Many people, such as the media, who comment on the number or percentages of Catholics assume a Protestant model of church membership: someone is considered a member when he/she is officially registered in a parish. This emphasis upon registration within our culture is taken for granted. After all, people register for the social security system, drivers’ licenses, library cards, fraternal organizations and, other religious denominations. Why not assume the same with the Catholic Church?
The Catholic Church is governed by its internal church regulations, the Code of Canon Law. This Code makes no references to people needing to register in a parish to be counted as Catholic. While registration may make good sense from an administrative point of view, this goes beyond any requirement of Church Law. The Code implies that a person is considered a Catholic if he/she is baptized a Catholic and does not formally repudiate his/her faith.
The Catholic Research Forum Method
An alternative method of estimating Catholics was developed in the 1980s by the Catholic Research Forum, a group of researchers interested in applying analytical solutions to real-life diocesan issues. After consulting with canon lawyers and demographers from the US Census Bureau, they developed a method based upon sacramental data that dioceses regularly collect – infant baptisms and funerals. This method was endorsed in 1988 by the Bishops’ Committee on Research and Practices. Dioceses are not required, however, to use this method and it is unclear how many do so today.
The methodology needs three secular data items for each county: live births; deaths; and total population. This information is annually available online at state data centers. Using these data and the sacramental data it is simple to compute the percentage of infants that receive Catholic baptism. Likewise one computes the percentage of people who die who receive Catholic funerals. These percentages are averaged to get the Catholic percentage for each county for any one year. To smooth out random year-to-year variations, it is desirable to use a three-year moving average. This final Catholic percentage is multiplied by the total population to arrive at an estimate of the Catholic population. Calculations and reporting is often done at the diocesan level.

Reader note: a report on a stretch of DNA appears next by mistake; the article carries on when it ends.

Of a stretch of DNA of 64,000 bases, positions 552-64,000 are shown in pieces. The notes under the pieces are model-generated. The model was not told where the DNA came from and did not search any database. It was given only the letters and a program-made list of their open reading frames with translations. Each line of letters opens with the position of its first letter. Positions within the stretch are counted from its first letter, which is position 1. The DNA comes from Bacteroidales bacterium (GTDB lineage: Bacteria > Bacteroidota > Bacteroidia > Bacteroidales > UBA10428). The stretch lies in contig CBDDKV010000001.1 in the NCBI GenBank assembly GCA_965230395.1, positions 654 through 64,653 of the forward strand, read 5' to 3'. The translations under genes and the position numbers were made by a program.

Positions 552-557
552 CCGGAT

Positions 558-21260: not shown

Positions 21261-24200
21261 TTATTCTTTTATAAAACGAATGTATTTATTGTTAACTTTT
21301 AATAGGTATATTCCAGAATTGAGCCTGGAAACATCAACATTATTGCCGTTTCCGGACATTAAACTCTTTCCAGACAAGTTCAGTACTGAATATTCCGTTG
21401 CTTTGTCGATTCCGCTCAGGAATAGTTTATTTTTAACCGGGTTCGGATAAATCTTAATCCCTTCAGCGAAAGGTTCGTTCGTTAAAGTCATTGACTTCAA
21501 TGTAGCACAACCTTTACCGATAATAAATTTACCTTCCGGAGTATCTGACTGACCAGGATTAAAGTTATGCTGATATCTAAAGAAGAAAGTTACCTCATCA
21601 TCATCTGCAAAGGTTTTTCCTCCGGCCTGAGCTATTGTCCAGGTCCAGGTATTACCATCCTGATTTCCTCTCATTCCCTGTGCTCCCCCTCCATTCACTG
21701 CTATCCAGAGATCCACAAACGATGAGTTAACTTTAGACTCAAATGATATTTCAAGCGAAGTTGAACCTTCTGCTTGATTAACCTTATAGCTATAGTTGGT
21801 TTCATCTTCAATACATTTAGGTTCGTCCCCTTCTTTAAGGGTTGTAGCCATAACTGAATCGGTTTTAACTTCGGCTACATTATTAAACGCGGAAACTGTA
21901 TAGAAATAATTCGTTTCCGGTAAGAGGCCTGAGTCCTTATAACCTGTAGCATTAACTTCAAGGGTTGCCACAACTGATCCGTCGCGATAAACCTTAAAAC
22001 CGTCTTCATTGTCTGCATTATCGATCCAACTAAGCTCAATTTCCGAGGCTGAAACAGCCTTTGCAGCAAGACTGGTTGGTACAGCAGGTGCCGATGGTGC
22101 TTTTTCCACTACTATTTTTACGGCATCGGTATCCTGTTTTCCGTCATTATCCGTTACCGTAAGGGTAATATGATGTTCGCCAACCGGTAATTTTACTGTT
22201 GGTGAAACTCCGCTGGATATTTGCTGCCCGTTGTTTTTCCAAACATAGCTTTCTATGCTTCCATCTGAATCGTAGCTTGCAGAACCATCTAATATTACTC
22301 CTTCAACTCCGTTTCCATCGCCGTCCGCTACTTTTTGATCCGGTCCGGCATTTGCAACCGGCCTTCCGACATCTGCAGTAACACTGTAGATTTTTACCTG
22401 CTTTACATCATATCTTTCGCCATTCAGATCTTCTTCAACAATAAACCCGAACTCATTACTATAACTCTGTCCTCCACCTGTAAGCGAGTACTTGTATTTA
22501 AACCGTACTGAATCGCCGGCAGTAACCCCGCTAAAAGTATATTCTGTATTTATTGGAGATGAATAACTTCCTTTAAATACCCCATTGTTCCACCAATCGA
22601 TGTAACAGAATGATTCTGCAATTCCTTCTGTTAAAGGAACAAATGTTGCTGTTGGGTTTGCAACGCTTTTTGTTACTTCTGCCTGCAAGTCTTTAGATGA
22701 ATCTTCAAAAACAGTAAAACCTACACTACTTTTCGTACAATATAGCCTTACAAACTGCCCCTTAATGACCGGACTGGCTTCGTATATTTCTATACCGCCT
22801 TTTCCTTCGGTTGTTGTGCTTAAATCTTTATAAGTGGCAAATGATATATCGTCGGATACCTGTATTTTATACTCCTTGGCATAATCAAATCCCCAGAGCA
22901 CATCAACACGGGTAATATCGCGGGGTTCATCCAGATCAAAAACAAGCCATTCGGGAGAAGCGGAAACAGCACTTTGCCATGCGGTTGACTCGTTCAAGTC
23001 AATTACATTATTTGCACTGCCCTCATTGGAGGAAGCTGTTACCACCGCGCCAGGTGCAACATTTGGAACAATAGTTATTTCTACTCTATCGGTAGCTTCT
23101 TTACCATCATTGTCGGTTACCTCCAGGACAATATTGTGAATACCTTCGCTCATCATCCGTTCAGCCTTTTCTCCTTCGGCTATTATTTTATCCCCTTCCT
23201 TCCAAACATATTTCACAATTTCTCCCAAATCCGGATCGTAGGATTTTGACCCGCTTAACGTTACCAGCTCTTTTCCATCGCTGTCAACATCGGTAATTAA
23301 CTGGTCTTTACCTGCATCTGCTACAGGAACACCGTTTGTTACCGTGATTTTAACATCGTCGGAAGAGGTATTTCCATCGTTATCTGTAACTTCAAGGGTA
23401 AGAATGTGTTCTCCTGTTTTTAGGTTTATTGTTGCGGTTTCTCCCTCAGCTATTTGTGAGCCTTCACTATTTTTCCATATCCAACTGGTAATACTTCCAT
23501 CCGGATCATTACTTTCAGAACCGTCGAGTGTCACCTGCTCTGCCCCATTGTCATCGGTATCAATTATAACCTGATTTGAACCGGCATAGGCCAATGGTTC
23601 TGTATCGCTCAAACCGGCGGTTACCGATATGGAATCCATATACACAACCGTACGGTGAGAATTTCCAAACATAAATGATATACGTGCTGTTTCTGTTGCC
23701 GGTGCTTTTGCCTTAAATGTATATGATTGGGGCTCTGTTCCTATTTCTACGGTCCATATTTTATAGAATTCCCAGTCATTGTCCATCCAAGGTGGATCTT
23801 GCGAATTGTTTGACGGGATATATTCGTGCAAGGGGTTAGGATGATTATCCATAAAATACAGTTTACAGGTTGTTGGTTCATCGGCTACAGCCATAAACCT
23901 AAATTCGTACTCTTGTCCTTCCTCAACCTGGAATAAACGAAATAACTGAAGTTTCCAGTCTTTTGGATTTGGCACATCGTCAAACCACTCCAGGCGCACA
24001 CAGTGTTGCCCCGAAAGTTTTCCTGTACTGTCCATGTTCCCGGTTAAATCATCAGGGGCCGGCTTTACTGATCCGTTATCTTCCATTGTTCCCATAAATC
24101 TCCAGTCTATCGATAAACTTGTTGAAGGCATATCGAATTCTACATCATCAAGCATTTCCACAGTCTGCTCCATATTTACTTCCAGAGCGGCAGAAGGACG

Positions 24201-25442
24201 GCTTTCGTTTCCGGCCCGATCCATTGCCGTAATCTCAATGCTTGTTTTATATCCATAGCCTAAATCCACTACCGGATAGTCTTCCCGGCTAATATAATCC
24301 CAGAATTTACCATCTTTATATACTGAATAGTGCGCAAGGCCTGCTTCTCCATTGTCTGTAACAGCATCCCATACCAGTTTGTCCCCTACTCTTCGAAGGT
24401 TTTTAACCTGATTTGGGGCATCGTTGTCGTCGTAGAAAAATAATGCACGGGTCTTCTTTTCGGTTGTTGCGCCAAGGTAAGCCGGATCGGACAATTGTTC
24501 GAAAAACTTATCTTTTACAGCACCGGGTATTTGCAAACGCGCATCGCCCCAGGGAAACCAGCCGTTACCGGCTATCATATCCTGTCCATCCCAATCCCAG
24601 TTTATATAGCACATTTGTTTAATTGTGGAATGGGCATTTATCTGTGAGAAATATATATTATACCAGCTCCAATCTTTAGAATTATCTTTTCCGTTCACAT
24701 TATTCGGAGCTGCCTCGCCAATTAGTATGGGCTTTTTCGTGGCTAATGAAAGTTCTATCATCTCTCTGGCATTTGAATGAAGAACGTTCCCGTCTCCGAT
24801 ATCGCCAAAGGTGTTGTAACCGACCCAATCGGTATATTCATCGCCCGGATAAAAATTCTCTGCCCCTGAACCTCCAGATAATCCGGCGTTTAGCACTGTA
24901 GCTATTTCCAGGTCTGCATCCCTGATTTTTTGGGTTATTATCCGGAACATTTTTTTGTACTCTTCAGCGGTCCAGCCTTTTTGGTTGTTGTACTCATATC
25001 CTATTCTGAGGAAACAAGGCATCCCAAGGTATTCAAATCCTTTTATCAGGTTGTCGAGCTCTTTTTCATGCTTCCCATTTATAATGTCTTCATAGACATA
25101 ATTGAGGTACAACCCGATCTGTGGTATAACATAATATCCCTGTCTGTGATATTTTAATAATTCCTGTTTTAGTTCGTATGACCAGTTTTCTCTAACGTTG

The major strength of this methodology is that it is systematic. This is the very basis of good research and can hardly be minimized. The methodology is also relatively simple to understand and to use. Another strength is that it brings the Catholic Church’s practice in harmony with its self-understanding, as seen in Canon Law.
The single greatest weakness lays in the fact that measurements only are taken at two points of a person’s life: birth and death. On these two points the entire methodology pivots and is balanced. Any anomaly which causes an overcount or undercount in either baptisms or funerals may lead to a considerable error in the final estimate. This may happen, for example, if large numbers of people from outside a particular diocese have their babies baptized in this diocese. This will inflate the Catholic percentage.
Another challenge for the methodology is migration. For example, a diocese in Florida may find large numbers of Catholics from the north moving to it for retirement. This increase in the Catholic population should eventually manifest itself in an increase in Catholic funerals. But if a significant percentage of the older Catholics who die in Florida are buried elsewhere, the methodology will underestimate the Catholic population.
The burden lies with the local researcher to catch these anomalies and adjust the final counts.
Next time: The Official Catholic Directory and telephone polls compared to the Catholic Research Forum method
Parish data is a different story all together. If an adult child is still at his home parish he will often assume that he is understood as a parishioner even if he hasn’t registered. Records are purged systematically as need be, though it doesn’t work as efficiently as one would hope.
This does, however, explain a lot about how a diocese with several huge parishes could still be only “7-8% Catholic” when it’s clear that some areas may have changed the demographics. I’m thinking here about the Diocese of Lafayette-in-Indiana because one deanery has had huge numbers of people moving from Indianapolis to Hamilton and Boone Counties.